There are several ways you can make a report to the Dob-in Service, including online report, telephone, fax, post and in person.
The online report is the most efficient way for you to make a report to the Dob-in Service.
Regardless of the contact method you decide to use, all reports received by us are recorded and actioned. Therefore, it is unnecessary for you to repeat your report through different communication channels.
How to make a report to the Immigration Dob-in Service
||Refer to section titled What information should you provide to us? then complete an online report.|
||Telephone: 1800 009 623 – toll free|
If English is not your preferred language, we will arrange for an interpreter to help you.
||1800 009 849 – toll free|
||Mark all written correspondence 'in confidence' and post to:|
Information Collection Unit
Department of Immigration and Border Protection
GPO Box 241
Melbourne Vic. 3001
||Locations of our offices in Australia and outside Australia are available. You might need to make an appointment to attend an office.|
If you are providing follow up information, include the following details:
- the name of the person or organisation you are reporting
- the date the original report was made
- how the report was originally made. Example: Fax, online report.
What types of activities should you report?
We encourage the community to provide information about:
- a person you think:
- has overstayed their visa (such as no longer having a valid visa)
- is working illegally
Example: A tourist visa holder who is working
- has breached their visa conditions
Example: A student visa holder who is working more hours than their visa permits
- deliberately lied on their visa application
- provided false documents to the department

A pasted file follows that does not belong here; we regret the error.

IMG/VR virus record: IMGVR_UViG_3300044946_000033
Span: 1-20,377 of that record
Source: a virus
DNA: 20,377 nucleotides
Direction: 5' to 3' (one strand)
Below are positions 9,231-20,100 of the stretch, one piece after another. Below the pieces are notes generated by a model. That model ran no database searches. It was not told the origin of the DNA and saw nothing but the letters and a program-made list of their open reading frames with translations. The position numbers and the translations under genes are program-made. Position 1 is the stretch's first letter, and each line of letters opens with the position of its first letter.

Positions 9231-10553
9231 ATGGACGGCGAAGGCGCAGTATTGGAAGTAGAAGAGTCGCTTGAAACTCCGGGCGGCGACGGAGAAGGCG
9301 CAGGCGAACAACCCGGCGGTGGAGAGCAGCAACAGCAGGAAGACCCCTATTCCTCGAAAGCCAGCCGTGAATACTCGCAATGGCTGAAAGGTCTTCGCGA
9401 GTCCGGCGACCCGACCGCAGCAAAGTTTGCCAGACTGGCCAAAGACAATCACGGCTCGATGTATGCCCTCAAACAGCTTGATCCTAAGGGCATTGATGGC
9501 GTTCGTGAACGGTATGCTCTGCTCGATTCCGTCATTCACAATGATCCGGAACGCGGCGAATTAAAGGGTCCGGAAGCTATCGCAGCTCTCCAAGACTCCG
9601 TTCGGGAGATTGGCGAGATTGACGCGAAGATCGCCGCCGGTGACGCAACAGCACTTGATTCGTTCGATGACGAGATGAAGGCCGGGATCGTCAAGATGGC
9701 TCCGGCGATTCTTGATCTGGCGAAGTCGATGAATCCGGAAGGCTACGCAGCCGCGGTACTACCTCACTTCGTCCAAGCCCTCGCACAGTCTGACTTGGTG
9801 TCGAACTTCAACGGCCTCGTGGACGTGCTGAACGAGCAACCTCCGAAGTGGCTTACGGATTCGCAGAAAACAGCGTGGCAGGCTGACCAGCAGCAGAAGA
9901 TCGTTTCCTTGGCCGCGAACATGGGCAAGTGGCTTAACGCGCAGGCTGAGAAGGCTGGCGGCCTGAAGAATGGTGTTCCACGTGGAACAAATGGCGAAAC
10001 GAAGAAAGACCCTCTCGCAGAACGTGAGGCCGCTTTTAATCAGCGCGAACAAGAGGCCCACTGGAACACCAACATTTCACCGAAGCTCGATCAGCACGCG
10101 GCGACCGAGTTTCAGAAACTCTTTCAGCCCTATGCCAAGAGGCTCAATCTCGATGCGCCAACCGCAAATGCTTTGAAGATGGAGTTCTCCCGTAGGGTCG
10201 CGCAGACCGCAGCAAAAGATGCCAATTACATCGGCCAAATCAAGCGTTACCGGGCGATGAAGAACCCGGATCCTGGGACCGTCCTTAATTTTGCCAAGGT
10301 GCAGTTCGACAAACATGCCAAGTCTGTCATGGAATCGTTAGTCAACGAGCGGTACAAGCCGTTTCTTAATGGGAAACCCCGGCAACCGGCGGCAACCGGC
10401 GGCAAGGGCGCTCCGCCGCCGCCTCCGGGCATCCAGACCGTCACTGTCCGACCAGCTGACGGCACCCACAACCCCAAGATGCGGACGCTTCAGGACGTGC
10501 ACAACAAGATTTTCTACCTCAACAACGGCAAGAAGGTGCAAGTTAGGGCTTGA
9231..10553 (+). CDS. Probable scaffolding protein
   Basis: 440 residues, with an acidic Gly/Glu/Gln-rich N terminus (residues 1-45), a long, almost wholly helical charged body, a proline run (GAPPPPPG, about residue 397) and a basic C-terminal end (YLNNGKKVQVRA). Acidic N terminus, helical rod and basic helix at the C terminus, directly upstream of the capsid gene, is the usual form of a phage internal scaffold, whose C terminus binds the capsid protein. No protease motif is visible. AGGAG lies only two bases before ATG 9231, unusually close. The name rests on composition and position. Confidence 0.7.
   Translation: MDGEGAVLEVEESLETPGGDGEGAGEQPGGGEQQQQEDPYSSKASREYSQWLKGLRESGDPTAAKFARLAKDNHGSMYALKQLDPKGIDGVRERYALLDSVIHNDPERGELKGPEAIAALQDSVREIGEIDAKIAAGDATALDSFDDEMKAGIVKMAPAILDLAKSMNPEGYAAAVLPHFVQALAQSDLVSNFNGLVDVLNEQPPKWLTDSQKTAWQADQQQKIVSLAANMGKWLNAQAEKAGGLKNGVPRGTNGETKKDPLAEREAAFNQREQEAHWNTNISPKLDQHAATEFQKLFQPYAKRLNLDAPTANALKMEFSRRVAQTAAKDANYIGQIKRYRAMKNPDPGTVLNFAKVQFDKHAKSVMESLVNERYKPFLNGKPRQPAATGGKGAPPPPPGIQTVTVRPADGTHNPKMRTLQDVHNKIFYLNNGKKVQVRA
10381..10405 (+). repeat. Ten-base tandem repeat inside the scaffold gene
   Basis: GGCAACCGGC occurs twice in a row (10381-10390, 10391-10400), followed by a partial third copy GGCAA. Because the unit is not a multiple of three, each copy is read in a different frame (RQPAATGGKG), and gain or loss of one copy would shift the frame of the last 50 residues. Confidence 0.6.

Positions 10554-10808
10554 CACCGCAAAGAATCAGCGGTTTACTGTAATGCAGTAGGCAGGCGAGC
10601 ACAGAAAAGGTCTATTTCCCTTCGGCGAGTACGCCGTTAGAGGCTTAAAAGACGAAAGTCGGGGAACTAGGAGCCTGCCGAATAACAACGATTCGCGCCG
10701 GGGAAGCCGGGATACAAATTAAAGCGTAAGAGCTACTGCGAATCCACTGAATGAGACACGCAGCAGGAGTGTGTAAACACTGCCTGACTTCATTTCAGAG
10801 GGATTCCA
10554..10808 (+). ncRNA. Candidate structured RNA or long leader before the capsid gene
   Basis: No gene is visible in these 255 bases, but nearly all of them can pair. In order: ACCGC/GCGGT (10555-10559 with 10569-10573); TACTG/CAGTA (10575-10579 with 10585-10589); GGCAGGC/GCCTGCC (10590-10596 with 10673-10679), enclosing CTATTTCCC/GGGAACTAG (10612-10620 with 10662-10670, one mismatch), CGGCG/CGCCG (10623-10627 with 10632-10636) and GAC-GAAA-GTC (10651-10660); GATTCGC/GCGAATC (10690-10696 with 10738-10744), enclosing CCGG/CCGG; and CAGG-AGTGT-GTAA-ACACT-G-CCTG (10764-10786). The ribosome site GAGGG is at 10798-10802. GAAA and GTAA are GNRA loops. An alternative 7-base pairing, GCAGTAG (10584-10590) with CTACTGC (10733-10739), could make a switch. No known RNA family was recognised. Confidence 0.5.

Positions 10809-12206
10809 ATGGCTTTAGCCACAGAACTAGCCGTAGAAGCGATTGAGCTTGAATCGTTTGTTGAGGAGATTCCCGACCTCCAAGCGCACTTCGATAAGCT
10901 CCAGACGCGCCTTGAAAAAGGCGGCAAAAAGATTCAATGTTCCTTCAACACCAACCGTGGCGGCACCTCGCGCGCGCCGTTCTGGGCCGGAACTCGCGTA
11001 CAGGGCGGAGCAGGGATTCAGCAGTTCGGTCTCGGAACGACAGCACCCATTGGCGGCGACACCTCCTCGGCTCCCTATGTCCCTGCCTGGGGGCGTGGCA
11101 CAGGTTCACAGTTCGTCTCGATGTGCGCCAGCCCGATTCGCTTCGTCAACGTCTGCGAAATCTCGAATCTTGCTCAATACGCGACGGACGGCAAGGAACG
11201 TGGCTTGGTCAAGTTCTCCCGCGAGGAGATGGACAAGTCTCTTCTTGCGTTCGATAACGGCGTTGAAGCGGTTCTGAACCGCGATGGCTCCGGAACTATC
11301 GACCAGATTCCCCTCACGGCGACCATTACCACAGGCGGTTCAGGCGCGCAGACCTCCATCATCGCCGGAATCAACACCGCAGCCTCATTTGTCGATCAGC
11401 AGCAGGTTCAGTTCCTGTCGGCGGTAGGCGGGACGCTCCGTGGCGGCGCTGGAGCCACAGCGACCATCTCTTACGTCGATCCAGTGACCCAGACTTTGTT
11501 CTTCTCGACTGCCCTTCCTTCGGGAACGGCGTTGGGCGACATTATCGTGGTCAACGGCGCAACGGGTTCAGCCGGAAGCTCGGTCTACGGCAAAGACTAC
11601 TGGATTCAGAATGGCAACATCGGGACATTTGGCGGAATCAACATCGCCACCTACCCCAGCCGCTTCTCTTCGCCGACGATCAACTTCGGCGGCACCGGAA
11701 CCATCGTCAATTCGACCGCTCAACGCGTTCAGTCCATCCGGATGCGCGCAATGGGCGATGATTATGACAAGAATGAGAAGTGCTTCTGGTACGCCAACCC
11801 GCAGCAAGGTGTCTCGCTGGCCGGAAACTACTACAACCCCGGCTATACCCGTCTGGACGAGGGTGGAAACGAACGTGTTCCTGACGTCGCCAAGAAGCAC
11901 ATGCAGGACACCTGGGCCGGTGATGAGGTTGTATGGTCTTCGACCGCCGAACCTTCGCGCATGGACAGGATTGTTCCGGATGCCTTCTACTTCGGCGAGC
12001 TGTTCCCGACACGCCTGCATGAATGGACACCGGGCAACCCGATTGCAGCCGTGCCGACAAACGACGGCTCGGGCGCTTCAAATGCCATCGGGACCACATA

- arrived in Australia without a valid visa
- is on a student visa but is not studying
- is in a fake marriage or relationship to obtain a visa
- a non-Australian citizen who has been convicted of a serious crime
- providing immigration advice but is not a registered migration agent
- a registered migration agent who has committed fraud against the department
- an education agent who has committed fraud against the department
- helping people to remain or work in Australia unlawfully
- fraudulently obtaining any benefit or allowance from the department
- a business, employer or organisation you think is:
- exploiting its employees
- breaching its sponsorship obligations
- allowing people to work illegally
- an education provider that has committed fraud against the department
- a person or organisation you think is:
- involved in sexual servitude or deceptive recruiting
- involved in identity fraud
- a security risk to Australia
Example: Involved in terrorist activities or associated with a terrorist organisation
- employing or organising employment for people who have no right to live or work in Australia
- facilitating immigration fraud or gaining a financial benefit from it
- involved in organised fraud, people smuggling or people trafficking
- a person committing any other type of fraud against the department such as falsely claiming money
- an employee of or another person working for the department who is committing fraud of any type.
What information should you provide to us?
We collect and record all information relating to immigration and citizenship offences and fraud provided to us. Usually we require a certain amount of information before starting an investigation.